Joseph James Peterson was a man of many names. Whether you knew him as Jamie, Joe, BBY, Robert, or Bobby, you knew him as a friend. A friend you could count on in good times and bad. A friend to go to for advice, to share a secret, or to shed a tear. Bobby was a friend who would give generously of his time and his energy for endeavors both big and small; who valued the importance of community; who loved his dogs and yours with equal ferocity; who always had a joke in his pocket, a debate on his mind, and a story to share; and who taught us all how to be better versions of ourselves.
Jamie was born in Beverly, Massachusetts where he grew up surrounded by strong women. He reminisced about his grandmother frequently, who helped raise an incredibly smart, funny, empathetic, and fiercely independent man. Joe and his family moved to Ashland, Massachusetts and attended Marian High School and then Framingham State College. He started working behind a bar as a teenager and while he pursued law school, he chose to use his talents to entertain the masses at busy resorts. Joe worked in Park City and at the White Elephant on Nantucket, but Bobby is best known for his years in Killington at the Wobbly Barn, Green Mountain National Golf Course, the Outback, and most recently, The Lookout.
There was no better ambassador for Killington than Bobby. He welcomed locals, newcomers, and weekenders like family. It was impossible not to be drawn in by his larger-than-life personality.
He had deep affection for Killington, not because he enjoyed winter, skiing or riding, but because he found a true home in the town that he affectionately dubbed the “Land of Misfit Toys.” If Killington was a circus, he was our ringleader. He rallied us round for the highs and the lows – golf tournaments, fundraisers, horse races, memorial services, catfish derbies, and a million other adventures. In moments of need, he was your first call, unless he had called you first. Behind the scenes or holding the mic, he raised hundreds of thousands of dollars for the causes near and dear to his heart – the Upper Valley and Rutland communities, pets and shelters, kids, and the national organizations doing research to prevent the diseases that afflicted those he loved.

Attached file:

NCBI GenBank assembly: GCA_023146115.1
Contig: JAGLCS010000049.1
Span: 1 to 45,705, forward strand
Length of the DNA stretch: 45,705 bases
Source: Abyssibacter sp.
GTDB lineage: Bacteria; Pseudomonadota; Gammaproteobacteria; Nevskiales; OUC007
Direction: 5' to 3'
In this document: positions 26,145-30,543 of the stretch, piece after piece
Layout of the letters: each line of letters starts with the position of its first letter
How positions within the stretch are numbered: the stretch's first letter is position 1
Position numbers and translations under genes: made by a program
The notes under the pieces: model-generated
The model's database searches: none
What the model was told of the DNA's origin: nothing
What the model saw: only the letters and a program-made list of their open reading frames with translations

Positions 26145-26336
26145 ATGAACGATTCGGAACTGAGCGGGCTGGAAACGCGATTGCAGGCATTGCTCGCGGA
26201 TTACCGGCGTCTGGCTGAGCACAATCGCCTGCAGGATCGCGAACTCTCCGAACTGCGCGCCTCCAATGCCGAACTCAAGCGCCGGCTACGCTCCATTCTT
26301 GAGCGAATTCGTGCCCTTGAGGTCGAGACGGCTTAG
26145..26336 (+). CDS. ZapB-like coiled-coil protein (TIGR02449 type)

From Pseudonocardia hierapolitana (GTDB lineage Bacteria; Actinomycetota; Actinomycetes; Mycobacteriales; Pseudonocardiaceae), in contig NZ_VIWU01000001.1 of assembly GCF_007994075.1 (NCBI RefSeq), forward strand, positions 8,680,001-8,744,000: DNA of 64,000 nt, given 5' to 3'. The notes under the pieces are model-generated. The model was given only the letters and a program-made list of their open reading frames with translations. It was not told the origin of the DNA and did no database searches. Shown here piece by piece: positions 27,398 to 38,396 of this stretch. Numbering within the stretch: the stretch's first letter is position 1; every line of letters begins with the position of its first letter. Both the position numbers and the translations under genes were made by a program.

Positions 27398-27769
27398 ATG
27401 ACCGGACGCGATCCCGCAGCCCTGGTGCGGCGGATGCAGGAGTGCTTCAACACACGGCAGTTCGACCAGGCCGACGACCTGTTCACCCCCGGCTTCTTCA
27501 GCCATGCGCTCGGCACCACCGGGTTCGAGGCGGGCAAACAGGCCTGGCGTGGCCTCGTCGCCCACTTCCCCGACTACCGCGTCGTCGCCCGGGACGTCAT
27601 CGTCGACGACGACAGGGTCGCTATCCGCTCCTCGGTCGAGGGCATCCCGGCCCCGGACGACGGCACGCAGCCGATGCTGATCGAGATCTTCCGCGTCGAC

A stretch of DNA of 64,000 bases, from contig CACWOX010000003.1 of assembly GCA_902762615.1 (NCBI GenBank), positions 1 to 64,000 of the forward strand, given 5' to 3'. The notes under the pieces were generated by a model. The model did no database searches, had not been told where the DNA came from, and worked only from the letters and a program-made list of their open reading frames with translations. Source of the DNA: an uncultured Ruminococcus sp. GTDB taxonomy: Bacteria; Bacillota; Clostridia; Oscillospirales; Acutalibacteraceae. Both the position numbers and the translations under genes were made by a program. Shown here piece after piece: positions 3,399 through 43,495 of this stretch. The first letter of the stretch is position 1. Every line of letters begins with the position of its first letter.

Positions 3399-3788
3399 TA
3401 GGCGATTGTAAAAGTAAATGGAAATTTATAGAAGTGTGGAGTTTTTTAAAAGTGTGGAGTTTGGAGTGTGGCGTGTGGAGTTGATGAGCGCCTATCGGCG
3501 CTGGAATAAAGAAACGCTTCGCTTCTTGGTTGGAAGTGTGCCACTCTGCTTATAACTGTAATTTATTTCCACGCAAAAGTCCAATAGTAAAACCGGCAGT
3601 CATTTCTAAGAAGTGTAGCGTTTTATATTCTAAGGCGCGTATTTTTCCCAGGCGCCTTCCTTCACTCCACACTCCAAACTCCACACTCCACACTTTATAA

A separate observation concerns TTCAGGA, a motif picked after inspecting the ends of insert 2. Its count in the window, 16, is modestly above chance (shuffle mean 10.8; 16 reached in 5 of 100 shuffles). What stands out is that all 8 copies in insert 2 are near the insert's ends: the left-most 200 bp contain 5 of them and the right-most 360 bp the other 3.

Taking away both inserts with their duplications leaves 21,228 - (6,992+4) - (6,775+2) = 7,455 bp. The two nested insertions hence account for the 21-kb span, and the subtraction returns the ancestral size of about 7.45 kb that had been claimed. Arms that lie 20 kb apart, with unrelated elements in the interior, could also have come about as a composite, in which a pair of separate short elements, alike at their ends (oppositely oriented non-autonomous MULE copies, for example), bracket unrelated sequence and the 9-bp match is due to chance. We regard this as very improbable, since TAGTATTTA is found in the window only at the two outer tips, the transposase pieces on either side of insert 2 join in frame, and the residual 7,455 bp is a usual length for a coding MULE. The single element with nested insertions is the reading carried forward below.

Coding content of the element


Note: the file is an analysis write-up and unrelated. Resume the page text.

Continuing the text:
Especially near and dear to his heart were his canine friends. Every pup that knew Bobby sniffed out the cookies that he always had in his pocket. His first pup, Lucy, forever changed him with her love. Lucy was joined by Brandy and now Bella Boo along with most recently adopted feline friends, Willow and Nosie Rosie. He and his pups were often found snowshoeing, hiking in the woods or lounging by the river. Always wanting the best for his “girls,” he spent hours researching the best food and even making his own treats. Aside from his immediate clan, there were many other puppies for whom the “not my dog” rule did not apply.
We also know that Bobby’s wit was unmatched. There was little chance of ever winning a debate with him. He loved a good argument and even if he agreed with you, he might take the opposing side just for the sport of it. Debate was his love language, and while politics was a favorite subject, it was never as much about the topic or any particular view, he really just wanted to hear what you had to say. He showed us that it was fine to argue, and if you were going to argue to do it long and hard about the stupid stuff, but that we should always agree about the things that mattered most.
It cannot go without saying that Bobby was a teacher and a mentor. He trained a generation of bartenders, servers, bar backs, door staff, managers, golf professionals, and more. He taught us to be technically competent, professional and meticulous; he reminded us that the details are everything. If his expectations of us were high, his expectations of himself were even higher. And we were determined to live up to them, to earn his approval. More importantly though, he taught us to be better friends, better humans. Everyone who met him felt recognized by him; he showed us how to appreciate each other.
Bobby passed unexpectedly on the evening of Friday, Feb. 12, with his best friend and loved one of 12 years by his side.
In lieu of flowers, donations may be made to Lucy MacKenzie Humane Society or Rutland County Humane Society. A celebration of his life will be held when pandemic restrictions allow for an in person gathering. Bobby will be missed by all who knew him. He may not have travelled often, but his orbit was vast. Joseph James Peterson meant something different to each person in his life, but we all called him a friend. His love, compassion, and good humor will live on in a million different Bobby stories. When you share them, please remember that our friend would never let the truth get in the way of a good story.
An online guest book can be found at cabotfh.com.